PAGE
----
Scots firm to axe 80 jobs as Diageo ditches boxes in whisky eco drive

EIGHTY jobs are set to be axed at a packaging firm after drinks giant Diageo ditched whisky boxes as part of an eco drive.

It’s understood Diageo – makers of Johnnie Walker – want to go greener and ditch cardboard gift boxes for their iconic brands.

Diageo is looking to ditch the whisky's packaging as part of an eco drive
Diageo is looking to ditch the whisky’s packaging as part of an eco drive Credit: Getty – Contributor
Westrock - who make the packaging - will have to let staff go
Westrock – who make the packaging – will have to let staff go Credit: Getty

But this has led to redundancy plans at the WestRock plant in East Kilbride, which makes sustainable packaging.

Westrock – headquartered in Atlanta, USA – confirmed 80 jobs are on the line and staff consultations are underway.

A company spokesperson said “reductions of demand” for drinks packaging had led to the decision.

But a source said: “Everyone wants to help save the planet and do their bit but it always seems like it’s the little people who bear the brunt of these decisions.

“Westrock’s packaging is sustainable so surely that fits in with the green agenda?

“It’s a devastating blow for the workforce.”

The East Kilbride plant produces folding packaging for the wines and spirits industry, with Diageo understood to be its major client.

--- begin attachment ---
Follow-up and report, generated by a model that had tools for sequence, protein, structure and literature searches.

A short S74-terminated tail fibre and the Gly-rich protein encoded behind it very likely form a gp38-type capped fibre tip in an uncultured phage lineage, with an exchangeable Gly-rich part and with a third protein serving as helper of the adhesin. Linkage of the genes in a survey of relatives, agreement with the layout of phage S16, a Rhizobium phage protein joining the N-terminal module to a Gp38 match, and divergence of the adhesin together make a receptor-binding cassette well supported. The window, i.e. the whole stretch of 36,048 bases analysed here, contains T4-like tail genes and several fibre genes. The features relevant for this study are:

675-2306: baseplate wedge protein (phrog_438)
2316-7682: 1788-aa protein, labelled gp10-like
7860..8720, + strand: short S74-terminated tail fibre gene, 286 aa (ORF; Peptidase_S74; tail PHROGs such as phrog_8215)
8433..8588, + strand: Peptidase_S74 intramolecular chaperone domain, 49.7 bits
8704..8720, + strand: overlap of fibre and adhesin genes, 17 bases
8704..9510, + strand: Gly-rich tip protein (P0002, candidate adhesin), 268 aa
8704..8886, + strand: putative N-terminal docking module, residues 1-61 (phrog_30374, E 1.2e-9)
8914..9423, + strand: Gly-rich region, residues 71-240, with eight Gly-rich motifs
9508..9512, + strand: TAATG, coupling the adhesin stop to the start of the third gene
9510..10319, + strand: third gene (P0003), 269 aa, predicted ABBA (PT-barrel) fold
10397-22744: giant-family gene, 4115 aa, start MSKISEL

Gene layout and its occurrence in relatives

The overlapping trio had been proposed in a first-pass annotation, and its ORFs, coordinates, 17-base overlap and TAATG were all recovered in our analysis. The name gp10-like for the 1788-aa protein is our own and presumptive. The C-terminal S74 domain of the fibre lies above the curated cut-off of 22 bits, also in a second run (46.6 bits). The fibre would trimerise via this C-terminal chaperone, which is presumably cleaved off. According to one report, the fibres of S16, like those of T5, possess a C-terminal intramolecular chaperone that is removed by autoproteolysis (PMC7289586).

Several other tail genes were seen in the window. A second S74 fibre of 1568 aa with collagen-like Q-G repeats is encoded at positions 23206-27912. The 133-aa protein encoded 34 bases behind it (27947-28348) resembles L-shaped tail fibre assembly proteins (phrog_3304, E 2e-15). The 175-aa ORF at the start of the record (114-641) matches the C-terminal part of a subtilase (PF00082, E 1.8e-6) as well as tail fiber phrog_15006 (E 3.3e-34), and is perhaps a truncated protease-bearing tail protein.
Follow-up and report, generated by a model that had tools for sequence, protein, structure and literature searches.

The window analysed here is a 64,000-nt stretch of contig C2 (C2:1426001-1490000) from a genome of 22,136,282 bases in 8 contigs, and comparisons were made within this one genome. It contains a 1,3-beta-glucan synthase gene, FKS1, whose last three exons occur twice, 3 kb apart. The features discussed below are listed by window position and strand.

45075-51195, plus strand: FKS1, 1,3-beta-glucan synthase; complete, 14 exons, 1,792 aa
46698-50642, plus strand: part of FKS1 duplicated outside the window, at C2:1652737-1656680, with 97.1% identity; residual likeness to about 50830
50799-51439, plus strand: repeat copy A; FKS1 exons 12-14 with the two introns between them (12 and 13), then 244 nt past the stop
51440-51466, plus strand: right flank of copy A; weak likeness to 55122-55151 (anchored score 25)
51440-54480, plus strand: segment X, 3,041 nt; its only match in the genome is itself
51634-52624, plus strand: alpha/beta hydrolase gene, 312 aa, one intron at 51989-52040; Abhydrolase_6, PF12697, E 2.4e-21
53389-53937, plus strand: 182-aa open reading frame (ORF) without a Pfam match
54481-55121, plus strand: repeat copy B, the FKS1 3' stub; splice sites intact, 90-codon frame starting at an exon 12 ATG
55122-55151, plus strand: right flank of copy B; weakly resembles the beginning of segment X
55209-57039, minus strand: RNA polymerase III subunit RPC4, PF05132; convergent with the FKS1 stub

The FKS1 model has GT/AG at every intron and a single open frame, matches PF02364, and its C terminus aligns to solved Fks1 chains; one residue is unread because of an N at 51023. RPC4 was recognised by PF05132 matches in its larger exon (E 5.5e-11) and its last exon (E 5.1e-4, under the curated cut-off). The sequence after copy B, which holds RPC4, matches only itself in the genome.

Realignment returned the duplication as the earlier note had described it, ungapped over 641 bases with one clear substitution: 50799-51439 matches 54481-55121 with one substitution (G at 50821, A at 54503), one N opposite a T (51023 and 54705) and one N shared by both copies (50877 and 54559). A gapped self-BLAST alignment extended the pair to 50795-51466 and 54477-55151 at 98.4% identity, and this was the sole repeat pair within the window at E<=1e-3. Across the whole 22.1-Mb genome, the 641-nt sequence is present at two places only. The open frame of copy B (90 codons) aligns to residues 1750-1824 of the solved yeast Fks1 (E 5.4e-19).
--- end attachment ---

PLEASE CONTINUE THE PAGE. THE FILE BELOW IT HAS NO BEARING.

A spokesperson said: “I can confirm that WestRock has entered into a period of consultation with employees at its East Kilbride location which could lead to a potential reduction of 80 positions. 

“This facility produces sustainable packaging, such as folding cartons for the premium wines and spirits markets, in particular scotch whisky.  

“Reductions of demand for the packaging of this product are linked to the need to potentially eliminate these positions.”

A Diageo spokesperson said: “We have begun a programme to phase out the use of cardboard gift boxes from certain products in our portfolio.

“We are committed to becoming a zero waste business by 2030, and despite its ability to be recycled, increased demand for cardboard has led to shortages. 

“All of our supply partners were consulted throughout, and we have made several proposals to minimize the impact of any changes on them.”

Graham Simpson, a Conservative MSP for Central Scotland, branded the potential job losses “devastating”.

He said: “This is devastating news for those affected. The plant has been producing first class packaging for years now.

“This is a direct result of changing habits and demand as we strive to cut waste. I hope the company can find ways to adapt and that the affected workers can be helped to get new work.”